Hypospadias occurs in about 1/300 male infants and is characterised by displacement of the urethral meatus ventrally and proximally from the tip of the glans penis. In first degree hypospadias the urethral meatus is in the distal third of the penis (glandular or coronal). In second degree the opening is between the distal third to the penoscrotal junction (penile) and in third degree the opening is scrotal or perineal. In approximately 50% there is chordee or downward curvature of the glans penis resulting in penile deformity. Epispadias occurs about 1/30,000 male infants and is characterised by a urethral meatus on the dorsal surface of the penis. It may occur as an isolated condition but is often associated with exstrophy of the bladder. In males the urethral groove begins to fuse in the pelvic region at about 8 weeks gestation with the urogenital ostium progressing to the phallus by 14 weeks. The glans is the last portion to close. Failure of fusion (or hypospadias) is the result of inadequate production of androgens by the fetal testes and/or inadequate receptor sites. Differences in timing, the degree of hormonal failure or failure of development of receptor sites account for the different types of hypospadias. With scrotal and perineal hypospadias the labioscrotal folds fail to fuse and the urethral orifice is located between or below the unfused halves of the scrotum. In epispadias the genital tubercle is thought to develop more dorsally than normal so that when the urogenital membrane ruptures, the urogenital sinus opens on the dorsal surface of the penis and urine is expelled at the root of the malformed penis. Most cases of hypospadias are multifactorial with approximately a 9-10% recurrence risk. Maternal progestin exposure during the vulnerable period may increase the incidence of hypospadias in predisposed fetuses. Single gene inheritance (AD or AR) is possible in a small number of families with isolated hypospadias. Androgen receptor defects have also been described in some cases. Associated defects occur in about 8-9% of cases (primarily genital or inguinal). Chromosomal abnormalities were reported by Aarskog in 7.5% of cases.
Prenatal diagnosis is possible in early gestation using a vaginal probe and later using an abdominal sector scanner. Hypospadias may be suspected based upon family history, an ultrasound finding of ambiguous genitalia, an abnormal ventrally curved penis, or bifid scrotum. Epispadias may be suspected in the presence of exstrophy of the bladder or a dorsally curved penis. Failure to identify the urethral meatus at the tip of the (well visualized) penis and observation of flow of urine from an abnormally located urethral orifice helps to confirm the diagnosis. Associated malformations should be sought. They include upper urinary (2-12%) – horseshoe kidney, ectopia, duplications, cryptorchidism (8 15%), hydrocele (16%), congenital inguinal hernia (8%), cardiovascular, gastrointestinal, muscular skeletal etc., syndromes and chromosomal abnormalities.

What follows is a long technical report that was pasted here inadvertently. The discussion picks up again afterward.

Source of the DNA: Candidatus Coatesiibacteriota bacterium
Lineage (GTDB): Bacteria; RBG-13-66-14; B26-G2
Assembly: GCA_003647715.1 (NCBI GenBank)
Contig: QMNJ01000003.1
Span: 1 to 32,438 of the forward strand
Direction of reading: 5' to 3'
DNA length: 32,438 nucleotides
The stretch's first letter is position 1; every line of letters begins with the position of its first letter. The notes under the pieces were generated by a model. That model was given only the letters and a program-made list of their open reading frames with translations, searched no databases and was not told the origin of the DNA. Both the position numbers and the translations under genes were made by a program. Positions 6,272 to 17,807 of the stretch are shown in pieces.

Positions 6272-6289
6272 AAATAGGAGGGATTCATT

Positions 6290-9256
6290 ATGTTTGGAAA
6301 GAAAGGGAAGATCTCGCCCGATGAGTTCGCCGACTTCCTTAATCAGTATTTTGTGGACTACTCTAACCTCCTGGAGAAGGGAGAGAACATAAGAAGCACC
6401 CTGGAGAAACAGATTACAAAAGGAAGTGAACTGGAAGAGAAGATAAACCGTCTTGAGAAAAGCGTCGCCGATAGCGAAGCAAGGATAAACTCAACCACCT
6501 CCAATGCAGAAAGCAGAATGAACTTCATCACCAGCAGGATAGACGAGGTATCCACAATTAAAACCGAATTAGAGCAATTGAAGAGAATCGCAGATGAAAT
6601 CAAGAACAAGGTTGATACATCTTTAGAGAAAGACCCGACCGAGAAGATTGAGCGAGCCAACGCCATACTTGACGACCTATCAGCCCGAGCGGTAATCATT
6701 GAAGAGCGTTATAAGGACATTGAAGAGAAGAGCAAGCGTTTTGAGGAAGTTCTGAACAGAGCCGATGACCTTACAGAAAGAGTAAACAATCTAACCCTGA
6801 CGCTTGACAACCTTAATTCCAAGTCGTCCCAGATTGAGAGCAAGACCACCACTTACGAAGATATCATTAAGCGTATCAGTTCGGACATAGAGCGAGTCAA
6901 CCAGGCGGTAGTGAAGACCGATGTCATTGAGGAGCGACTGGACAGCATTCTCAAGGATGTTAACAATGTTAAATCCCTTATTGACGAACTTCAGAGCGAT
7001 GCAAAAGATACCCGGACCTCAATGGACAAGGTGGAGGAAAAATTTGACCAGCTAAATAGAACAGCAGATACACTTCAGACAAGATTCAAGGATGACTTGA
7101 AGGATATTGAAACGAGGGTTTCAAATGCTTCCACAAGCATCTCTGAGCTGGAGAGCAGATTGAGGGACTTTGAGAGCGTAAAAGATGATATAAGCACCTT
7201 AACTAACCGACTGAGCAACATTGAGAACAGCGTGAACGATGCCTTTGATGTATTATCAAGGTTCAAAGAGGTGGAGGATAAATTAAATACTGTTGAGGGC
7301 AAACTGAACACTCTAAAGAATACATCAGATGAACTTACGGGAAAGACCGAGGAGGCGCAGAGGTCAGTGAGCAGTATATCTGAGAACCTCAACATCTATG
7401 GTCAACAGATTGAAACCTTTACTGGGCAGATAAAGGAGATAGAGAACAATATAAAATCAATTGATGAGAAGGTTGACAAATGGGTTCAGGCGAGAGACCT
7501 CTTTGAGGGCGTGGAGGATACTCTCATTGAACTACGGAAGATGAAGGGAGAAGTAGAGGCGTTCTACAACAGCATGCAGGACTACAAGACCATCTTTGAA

Congenital adrenal hyperplasia in a female may present similarly but chromosomal analysis will identify a genetic female. Clitoromegaly may also occur due to maternal exogenous androgen exposure.
Hypospadias- (by urine stream on real time ultrasound)
Urethral orifice on ventral surface of glans or on shaft are not identified at penile tip.
Urethral orifice identified between unfused halves of the scrotum or below the scrotum
Cryptorchidism may be associated with perineal hypospadias
Underdeveloped or ventrally curved penis (50%) Epispadias
Urethral orifice on dorsal surface of penis with urine expelled at dorsal root of (usually malformed or dorsal curved) penis – rare and associated with bladder extrophy
- Exstrophy of the bladder
- Exstrophy of the cloaca
- Fetal Trimethadione effects
- Maternal progestins use
- Mental retardation, hypospadias, abnormal facies in siblings
- Rapp-Hodgkin Ectodermal Dysplasia
- Short-Rib Polydactyly Syndrome Majewski type
- Trisomy 13
- Trisomy 18
Stevenson R, Hall J, Goodman R In: Human Malformations and Related Anomalies Vol II Oxford U Press: Oxford, New York, p554-555
Bronshtein M, Riechler A, Zimmer EZ Prenatal sonographic signs of possible fetal genital anomalies Prenat Diagn March 15:215-9
Buyse ML In: Birth Defects Encyclopedia, Vol I Blackwell Scientific Pub: Oxford, p 635-636, 931-932
Aarskog D Current concepts: Maternal progestins as a possible cause of hypospadias New Engl J Med 300:75-79